Muskoka’s best golf courses offer stunning scenery, challenging terrain, and the opportunity to make cottage-country memories that will last a lifetime.
BY IAN CRUICKSHANK
I remember the moment exactly. It was 2:27 p.m. on a bleak February afternoon. I was being pinched by deadlines, outside the snow was piling up faster than the provincial debt and I was already late for a meeting on the other side of the city. I was about to curl up in the fetal position and slide permanently under my desk, when I spied a photo pinned on my bulletin board next to the computer.
It was a shot taken last summer at the first tee at the Lake Joseph Club. Three pals and I are looking down the valley, smiling, almost giggling, like we’d just gobbled down too much cake and ice cream. It was no special occasion—just summer up north by the lake, about to tee off on one of our favourite courses. At that moment I realized that I could get through the snow, the darkness and the deadlines as long as I knew Muskoka golf was on the horizon.
RELATED: Check out more of Muskoka’s best golf courses in our comprehensive guide.
When ClubLink unveiled the Lake Joseph Club in 1997, it changed the landscape of cottage golf forever. Designed by Toronto’s Thomas McBroom, “Lake Joe” was the first course to combine a country club level of service with the stunning local topography. McBroom routed his rolling layout above the broad banks of Lake Joseph, notching the greens into the hillsides and accenting the tree-lined fairways with flashes of granite.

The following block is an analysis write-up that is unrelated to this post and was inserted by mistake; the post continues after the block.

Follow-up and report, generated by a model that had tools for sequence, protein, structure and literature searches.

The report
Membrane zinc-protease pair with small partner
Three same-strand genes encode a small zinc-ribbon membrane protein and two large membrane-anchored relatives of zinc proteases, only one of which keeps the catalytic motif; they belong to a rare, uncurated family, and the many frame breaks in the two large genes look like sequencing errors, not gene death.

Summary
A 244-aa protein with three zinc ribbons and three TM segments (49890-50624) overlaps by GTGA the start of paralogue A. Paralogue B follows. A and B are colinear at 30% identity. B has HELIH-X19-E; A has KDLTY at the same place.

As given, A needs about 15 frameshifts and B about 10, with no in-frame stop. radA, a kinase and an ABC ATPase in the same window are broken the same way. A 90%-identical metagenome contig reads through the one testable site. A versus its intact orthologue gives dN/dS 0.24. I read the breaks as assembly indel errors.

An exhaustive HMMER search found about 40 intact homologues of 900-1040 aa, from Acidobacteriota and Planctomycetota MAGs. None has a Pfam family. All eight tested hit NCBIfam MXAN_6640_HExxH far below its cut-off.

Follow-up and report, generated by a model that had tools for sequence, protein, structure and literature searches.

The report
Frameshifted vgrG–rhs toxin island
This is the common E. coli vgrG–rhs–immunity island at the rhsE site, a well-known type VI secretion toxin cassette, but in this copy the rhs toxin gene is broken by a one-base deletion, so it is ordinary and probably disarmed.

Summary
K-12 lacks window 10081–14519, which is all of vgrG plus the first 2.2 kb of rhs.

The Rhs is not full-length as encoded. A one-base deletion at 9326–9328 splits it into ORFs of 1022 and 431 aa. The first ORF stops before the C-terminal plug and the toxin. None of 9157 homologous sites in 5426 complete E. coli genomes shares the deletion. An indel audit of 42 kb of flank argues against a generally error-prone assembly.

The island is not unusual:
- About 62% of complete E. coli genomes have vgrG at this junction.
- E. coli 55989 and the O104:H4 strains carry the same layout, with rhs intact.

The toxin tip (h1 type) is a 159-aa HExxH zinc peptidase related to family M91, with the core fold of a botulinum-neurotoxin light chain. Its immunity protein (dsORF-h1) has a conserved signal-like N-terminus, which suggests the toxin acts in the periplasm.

McBroom is also behind the aptly named Rocky Crest Golf Club in Mactier, a course that incorporates the best of Muskoka, highlighting the landscape’s rocky underpinnings. At the sixth hole, a long par five, he peeled back a layer of scrub and dirt to reveal an intimidating granite canyon.
The Grandview Golf Club in Huntsville is a bold enterprise that winds past creeks, beaver ponds, and bungalow-sized rocks and into the heart of the forest. What ultimately makes Grandview unique is its dual nature—you can play it brawny or brainy.
The Rock has a definite edge, just like its designer, six-time major winner Nick Faldo. The first half-dozen holes push through the woods and around the slabs of granite. Later in the round, the course opens up with some spectacular rocky vistas.
Muskoka Bay Club boasts one of the prettiest layouts in the country. The Doug Carrick-designed course free falls from rocky topped tees through heavily treed valleys, then rises to elevated greens that slope away to sand.
Ian Cruickshank is a golf and travel writer who has written about the game for the Toronto Star, Globe and Mail, Golf Digest and Maclean’s magazine.